Damsel Review


THE Overview

“Damsel” begins with a young woman’s voice intoning, “There are tales of chivalry, where the heroic knight saves the damsel in distress.” “This is not one of them.”

Well, thank God for that, I thought sarcastically and maybe just a little bit mean. There was someplace inside my head where I heard Miranda Priestly: Strong female lead? Groundbreaking.

I can take a tough broad as well as the next person, but this foot first — we’re not like other girls; we’re cool girls — it’s getting stale. The thing about “Damsel” is it isn’t terrible, just a bit chewed on. It is an action film that Millie Bobby Brown stars as Elodie who is a princess from a poor kingdom dominated by her father (Ray Winstone) and stepmother (Angela Bassett). Directed by Juan Carlos Fresnadillo (“28 Weeks Later”) from Dan Mazeau’s screenplay. She agrees to marry the handsome prince belonging to a significantly more prosperous realm. Only to realize there was something much darker at stake.

There are few parts of “Damsel,” including several captures shots here. And there that brought me back to one of the best feminist action movies released in recent times; “Ready or Not”. In 2019 film where she marries into a wealthy family. But discovers they have really disturbing traditions like this horrific game you must play until dawn if you want to survive. It follows a similar plotline but set in a make-believe land with dragons and Robin Wright serving as its queen. (One part also evokes “Eyes Wide Shut,” though this isn’t that type of movie.)

Elodie is like one of Disney’s modern-day princesses: intelligent enough to ride horses, read books, interpret maps and outwit snares. She is resourceful and strong-willed when searching for an escape route. In the beginning of this movie, she is obedient, deferential, and corseted. But by the end she has a very short skirt on and is not taking any nonsense. She basically became self-realized.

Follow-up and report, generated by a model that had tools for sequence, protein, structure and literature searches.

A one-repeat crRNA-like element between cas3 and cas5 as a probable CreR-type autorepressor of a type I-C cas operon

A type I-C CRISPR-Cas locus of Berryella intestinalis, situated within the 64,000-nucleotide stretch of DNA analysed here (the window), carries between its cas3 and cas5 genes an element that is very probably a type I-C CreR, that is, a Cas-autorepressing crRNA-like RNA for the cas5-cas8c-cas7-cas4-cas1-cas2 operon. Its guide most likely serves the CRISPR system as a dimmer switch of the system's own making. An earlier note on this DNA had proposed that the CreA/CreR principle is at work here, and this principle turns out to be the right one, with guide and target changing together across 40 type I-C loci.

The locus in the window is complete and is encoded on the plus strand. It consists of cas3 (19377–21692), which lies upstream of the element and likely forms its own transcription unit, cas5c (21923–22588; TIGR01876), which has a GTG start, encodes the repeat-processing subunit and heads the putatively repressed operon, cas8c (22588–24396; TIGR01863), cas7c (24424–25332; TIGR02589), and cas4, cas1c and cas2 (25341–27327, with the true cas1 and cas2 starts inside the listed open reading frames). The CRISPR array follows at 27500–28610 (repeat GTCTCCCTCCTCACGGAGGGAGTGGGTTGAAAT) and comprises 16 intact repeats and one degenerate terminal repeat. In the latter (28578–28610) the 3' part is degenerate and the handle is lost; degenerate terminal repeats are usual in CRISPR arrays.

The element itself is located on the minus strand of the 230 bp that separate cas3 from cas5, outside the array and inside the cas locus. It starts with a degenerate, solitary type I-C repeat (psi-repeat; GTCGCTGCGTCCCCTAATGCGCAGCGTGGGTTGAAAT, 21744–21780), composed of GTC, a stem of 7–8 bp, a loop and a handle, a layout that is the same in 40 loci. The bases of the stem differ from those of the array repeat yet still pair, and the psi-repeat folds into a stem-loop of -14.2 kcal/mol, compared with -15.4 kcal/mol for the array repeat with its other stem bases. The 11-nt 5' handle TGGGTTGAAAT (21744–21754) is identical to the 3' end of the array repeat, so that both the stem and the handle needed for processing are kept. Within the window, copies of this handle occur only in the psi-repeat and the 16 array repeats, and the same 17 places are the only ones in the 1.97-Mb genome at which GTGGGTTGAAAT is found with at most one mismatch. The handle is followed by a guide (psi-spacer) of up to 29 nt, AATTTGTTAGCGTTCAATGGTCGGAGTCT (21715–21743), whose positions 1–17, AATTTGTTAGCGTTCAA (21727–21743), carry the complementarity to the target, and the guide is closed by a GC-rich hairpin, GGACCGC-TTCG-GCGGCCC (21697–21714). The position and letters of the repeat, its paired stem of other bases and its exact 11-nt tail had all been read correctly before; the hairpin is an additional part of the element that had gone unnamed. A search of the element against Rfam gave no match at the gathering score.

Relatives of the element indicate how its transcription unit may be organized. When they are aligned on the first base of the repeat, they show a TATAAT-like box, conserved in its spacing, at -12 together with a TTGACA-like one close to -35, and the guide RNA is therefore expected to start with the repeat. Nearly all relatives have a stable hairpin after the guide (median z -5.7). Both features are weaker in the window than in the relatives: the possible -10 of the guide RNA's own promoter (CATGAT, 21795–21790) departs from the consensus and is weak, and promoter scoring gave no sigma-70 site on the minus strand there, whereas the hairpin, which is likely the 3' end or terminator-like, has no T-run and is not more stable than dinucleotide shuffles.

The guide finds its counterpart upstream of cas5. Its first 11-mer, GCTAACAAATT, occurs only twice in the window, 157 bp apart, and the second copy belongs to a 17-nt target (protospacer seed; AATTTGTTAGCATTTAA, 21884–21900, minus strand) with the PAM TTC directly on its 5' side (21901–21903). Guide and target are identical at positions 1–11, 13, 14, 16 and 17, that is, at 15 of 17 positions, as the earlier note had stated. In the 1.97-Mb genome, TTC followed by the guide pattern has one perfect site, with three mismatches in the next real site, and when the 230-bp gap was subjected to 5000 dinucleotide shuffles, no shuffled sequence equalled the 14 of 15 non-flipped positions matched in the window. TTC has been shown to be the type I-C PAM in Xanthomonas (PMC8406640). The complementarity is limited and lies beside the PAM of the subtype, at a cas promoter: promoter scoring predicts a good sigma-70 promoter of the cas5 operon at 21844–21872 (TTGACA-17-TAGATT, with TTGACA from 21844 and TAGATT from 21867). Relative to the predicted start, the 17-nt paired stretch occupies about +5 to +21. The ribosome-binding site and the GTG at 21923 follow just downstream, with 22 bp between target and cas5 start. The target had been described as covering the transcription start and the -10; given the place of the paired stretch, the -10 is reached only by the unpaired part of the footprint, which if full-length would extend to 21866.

None of these things are necessarily bad. It is nice to have heroines who love their families, take up responsibilities willingly. And learn to overcome what they fear most. This especially appeals to a younger audience, which may very well dominate the viewership of “Damsel”—fans of “Stranger Things” who enjoyed Eleven played by Brown. Plus, dragons and castles kind of make it better.

However, the film is lacking in quite a number of ways. Predictably, its visual effects appear cheap as do most Netflix-produced movies like this one. But the bigger issue lies in its pace: The first part moves so fast that it shocks us into consciousness. So that means early big twist; henceforth everything else feels repetitive with Elodie facing off against numerous oddly similar challenges to her own survival throughout most of the film. None of that can be helped as this section drags on forever and ever without any change in scenery or anything else interesting taking place along the way at all really. At least once we know how this happened it seems like a weak payoff for such a huge build-up.”

However, “Damsel,” on the other hand, shows that studios have not yet recognized that having a “strong female lead” is not everything in a movie; it takes more than that to make it good. However, what is required is a great supporting cast of characters, an excellent plot line and knowing what appeals to the audience. But even for strong female leads they must be human beings with real needs and weaknesses. Therefore, such two-dimensional heroes are rather inspiring than convincing because they always choose wisely. The message may appear as if young people can only be heroines. By deriving their strength from physical, emotional and mental power but does not help much either. Also not helpful for older ones.

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